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A lot of people in pop have taken acid and all of them have softened up and lost a lot of drive and basic ambition. Life can only be seen by being involved in real life, and not a lot of nebulous and ethereal ideas. Love is an aggressive and possessive thing - it's not just 'Forgive thy neighbour and be nice to everyone.

— Pete Townshend

Melody Maker - 12/30/1967

Today in the Who's History


The Detours play at the Goldhawk Social Club in Shepherd's Bush


A show at St. Matthew's Hall in Norwich is cancelled after the band's van is incapable of getting through snowdrifts across the road.


The Who play the Winter Gardens in Malvern. It is reported that CBS-TV U.S. filmed the show for CBS Reports.


The Who play the Union Catholic High School Gymnasium in Scotch Plains, New Jersey. The supporting act is the Decoys. Admission is $2.50.


The Who play the first of two nights at The Warehouse in New Orleans. This show is later booted as Gutter Punks At A Warehouse.


The Who play at the Chicago International Amphitheater. Backstage, Graham Hughes puts The Who in football helmets to shoot the sleeve for Odds And Sods. Due to size problems, Pete and Roger switch helmets.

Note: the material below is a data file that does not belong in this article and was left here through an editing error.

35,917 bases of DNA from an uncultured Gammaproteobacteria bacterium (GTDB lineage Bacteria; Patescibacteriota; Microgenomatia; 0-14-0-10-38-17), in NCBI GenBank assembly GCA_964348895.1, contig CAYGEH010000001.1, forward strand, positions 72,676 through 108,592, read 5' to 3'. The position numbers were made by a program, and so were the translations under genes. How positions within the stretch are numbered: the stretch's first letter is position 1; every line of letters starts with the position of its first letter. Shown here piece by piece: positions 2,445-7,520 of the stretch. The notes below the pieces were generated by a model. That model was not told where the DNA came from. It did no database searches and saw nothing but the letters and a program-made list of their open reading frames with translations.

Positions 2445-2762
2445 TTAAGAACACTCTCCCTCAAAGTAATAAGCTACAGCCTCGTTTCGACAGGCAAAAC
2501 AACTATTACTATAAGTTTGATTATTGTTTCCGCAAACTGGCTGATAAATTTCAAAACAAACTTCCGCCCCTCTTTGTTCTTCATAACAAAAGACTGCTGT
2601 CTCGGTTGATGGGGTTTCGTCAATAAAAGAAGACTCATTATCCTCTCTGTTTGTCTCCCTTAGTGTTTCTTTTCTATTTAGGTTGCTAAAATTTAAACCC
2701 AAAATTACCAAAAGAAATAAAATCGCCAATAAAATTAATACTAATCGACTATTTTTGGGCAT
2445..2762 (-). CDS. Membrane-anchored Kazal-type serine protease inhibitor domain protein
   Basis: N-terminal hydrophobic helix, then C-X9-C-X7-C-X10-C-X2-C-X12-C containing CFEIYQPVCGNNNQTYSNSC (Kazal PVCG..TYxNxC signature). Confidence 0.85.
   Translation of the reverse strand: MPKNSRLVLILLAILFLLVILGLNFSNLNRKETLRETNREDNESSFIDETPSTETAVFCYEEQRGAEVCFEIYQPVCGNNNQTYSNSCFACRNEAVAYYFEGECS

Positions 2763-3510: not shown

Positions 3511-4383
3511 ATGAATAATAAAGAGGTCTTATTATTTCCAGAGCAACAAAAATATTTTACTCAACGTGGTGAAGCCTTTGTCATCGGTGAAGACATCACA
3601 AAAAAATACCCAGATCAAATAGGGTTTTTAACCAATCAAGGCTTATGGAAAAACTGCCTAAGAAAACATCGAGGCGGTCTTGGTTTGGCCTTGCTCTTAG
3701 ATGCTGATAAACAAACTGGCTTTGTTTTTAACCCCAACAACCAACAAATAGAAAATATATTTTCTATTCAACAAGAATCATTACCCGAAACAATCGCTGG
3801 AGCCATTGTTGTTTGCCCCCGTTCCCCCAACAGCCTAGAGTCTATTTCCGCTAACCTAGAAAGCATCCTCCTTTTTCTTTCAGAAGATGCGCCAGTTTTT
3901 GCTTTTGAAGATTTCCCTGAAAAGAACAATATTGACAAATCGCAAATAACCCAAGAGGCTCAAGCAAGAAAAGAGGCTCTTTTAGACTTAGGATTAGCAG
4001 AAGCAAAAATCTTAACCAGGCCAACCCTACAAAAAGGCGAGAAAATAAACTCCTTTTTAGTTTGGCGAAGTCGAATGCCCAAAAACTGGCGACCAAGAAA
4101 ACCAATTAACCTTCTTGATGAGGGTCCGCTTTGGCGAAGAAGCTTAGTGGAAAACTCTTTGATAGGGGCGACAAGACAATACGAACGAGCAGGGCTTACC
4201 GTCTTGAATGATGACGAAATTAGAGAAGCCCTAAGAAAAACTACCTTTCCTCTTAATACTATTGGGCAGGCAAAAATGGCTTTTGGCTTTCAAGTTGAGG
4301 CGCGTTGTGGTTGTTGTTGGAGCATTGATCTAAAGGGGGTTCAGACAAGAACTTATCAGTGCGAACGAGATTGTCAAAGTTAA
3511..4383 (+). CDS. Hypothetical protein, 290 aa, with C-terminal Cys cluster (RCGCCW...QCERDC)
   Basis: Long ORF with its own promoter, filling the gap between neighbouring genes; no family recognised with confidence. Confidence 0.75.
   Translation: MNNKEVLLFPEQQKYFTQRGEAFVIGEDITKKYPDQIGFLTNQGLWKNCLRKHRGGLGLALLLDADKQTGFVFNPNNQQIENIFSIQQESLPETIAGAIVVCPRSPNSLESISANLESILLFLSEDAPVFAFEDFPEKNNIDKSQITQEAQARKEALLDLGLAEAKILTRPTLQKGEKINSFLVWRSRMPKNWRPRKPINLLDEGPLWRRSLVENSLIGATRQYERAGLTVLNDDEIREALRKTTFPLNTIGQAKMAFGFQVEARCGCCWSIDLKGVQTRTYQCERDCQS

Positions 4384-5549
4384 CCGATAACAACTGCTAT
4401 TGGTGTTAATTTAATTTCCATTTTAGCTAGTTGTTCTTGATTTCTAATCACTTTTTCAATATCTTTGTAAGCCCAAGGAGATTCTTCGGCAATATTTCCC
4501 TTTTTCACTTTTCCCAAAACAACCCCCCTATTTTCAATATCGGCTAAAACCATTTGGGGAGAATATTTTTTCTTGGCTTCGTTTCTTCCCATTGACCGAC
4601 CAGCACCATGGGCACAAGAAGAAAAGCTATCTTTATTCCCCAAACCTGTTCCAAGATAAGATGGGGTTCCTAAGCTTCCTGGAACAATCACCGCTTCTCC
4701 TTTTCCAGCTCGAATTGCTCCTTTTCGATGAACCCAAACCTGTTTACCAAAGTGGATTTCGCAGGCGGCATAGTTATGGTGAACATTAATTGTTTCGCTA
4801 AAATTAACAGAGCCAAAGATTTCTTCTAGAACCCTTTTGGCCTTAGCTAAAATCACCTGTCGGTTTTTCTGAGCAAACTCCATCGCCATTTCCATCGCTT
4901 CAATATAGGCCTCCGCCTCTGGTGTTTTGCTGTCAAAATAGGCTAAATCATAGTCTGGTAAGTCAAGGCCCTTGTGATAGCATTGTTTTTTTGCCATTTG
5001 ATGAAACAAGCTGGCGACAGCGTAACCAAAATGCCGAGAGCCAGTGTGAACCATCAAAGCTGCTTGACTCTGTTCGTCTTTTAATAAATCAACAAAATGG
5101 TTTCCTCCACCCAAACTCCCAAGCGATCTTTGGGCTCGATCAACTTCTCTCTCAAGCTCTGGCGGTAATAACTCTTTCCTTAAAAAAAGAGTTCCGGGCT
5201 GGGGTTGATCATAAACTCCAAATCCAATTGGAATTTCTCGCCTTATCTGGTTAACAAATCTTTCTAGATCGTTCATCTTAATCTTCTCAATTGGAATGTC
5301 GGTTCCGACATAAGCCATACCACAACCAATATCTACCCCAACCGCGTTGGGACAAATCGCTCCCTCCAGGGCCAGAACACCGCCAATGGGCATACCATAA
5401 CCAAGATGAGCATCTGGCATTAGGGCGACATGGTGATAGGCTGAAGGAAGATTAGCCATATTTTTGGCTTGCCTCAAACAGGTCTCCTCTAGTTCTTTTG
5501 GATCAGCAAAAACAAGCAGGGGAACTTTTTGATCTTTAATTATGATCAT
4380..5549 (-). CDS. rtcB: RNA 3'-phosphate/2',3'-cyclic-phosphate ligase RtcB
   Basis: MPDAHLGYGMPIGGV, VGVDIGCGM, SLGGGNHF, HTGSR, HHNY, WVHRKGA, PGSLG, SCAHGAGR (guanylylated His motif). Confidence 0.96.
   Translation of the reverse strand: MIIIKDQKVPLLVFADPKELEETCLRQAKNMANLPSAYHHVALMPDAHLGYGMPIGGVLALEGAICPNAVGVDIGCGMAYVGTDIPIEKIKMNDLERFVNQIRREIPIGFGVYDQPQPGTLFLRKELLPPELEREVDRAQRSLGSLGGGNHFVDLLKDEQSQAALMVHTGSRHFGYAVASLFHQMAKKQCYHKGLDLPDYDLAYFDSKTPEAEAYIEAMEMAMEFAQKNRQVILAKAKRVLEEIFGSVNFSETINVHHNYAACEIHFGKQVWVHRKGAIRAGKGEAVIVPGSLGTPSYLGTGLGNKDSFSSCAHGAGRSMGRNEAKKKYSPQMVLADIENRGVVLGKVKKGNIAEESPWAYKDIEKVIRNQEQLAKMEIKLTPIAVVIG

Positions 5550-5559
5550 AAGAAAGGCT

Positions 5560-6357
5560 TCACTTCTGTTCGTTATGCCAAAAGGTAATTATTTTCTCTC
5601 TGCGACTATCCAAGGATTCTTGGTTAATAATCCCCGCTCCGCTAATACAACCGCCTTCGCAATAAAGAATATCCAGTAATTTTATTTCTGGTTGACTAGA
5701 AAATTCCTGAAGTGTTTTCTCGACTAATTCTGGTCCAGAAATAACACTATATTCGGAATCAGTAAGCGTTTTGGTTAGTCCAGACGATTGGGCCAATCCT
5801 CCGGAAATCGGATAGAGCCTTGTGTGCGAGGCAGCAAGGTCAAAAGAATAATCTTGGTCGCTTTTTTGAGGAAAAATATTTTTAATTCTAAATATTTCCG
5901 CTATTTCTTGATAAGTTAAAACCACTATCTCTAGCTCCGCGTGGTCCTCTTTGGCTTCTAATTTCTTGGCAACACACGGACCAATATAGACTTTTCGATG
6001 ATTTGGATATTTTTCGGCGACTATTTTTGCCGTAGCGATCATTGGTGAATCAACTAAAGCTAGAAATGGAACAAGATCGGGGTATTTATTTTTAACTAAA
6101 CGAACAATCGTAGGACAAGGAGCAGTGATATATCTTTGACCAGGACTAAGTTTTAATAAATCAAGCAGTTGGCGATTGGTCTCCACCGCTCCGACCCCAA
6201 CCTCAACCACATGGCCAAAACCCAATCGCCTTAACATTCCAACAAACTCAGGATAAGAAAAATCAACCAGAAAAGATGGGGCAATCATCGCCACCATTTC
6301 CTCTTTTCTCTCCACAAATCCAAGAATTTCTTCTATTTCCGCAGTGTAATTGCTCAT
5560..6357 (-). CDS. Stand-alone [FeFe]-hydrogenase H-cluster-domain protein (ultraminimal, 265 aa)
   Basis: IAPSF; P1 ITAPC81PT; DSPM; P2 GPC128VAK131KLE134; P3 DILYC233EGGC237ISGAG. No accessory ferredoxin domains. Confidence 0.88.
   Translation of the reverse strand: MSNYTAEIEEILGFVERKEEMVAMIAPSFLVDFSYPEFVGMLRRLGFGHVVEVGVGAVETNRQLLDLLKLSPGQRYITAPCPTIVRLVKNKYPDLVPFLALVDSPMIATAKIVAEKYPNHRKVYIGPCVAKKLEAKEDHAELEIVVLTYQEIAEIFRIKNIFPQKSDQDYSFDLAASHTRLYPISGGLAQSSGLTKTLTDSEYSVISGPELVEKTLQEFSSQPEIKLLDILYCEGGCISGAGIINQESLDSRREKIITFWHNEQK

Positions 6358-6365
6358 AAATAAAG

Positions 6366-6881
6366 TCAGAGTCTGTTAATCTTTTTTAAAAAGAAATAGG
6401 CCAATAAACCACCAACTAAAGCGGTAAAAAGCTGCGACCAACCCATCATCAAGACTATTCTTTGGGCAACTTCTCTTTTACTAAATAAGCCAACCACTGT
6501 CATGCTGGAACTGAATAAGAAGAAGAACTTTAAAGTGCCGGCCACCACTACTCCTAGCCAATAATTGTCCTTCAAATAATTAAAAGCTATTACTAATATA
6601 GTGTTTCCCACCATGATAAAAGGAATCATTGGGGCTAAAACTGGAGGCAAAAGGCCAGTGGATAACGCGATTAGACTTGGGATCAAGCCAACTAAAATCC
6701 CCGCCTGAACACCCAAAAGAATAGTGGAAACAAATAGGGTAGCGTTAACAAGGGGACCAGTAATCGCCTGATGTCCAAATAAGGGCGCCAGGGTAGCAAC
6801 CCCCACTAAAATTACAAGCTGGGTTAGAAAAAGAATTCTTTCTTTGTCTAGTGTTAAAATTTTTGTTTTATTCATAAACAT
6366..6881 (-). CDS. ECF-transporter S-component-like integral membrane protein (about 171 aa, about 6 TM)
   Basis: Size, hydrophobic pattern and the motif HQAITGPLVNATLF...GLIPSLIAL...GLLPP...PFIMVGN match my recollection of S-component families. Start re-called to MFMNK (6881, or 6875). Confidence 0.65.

The Who play the Rupp Arena in Lexington, Kentucky


Pete releases his first post-Who solo album. White City - A Novel is the soundtrack to a short film that is released simultaneously with the LP as a videotape. In the film, Pete plays a version of himself, visiting an old working-class friend who lives in the titular housing project and is recently divorced from a swimming instructor. The film is followed by an explanatory interview by Pete and an in-studio performance of the otherwise-unreleased song “Night School. “ Positive reviews for the album come from Variety, Michael Tearson in Audio, Bill Milkowski in Down Beat and Rob Tannenbaum in Rolling Stone, both of the latter calling it Pete's best work since Empty Glass. Negative reviews, however, tend to be very negative with slams by Billy Altman in Spin ( “pretentiously boring “), Will Smith in Melody Maker ( “a pitiful specimen “) and Craig Zeller in Creem who says Pete should give it up as far as rock 'n' roll is concerned. The film is reviewed by Stephen Holden in The New York Times who, although he enjoys the musical performances, finds the rest odd and moody with overblown symbolism. Deidre Rockmaker in Goldmine also gives the film a bad review, but positive reviews come from Ned Geesin in People ( “tremendously touching “), Tony Seideman in Rolling Stone ( “art with a capital A “) and Louis Meredith in Stereo Review who compares it favorably with the work of John Cassavetes. The album peaks at #70 in the U.K. but reaches #26 in the U.S. It is the last record to date by The Who or one of its members to reach the American Top Forty.


Pete appears on The Jan Payne Show on BBC Radio 5 for a live interview promoting his upcoming radio play version of Lifehouse. On the same day, The Radio Times prints an interview with Pete in which he says he's not gay, he has a girlfriend, and he and his wife Karen are now separated.
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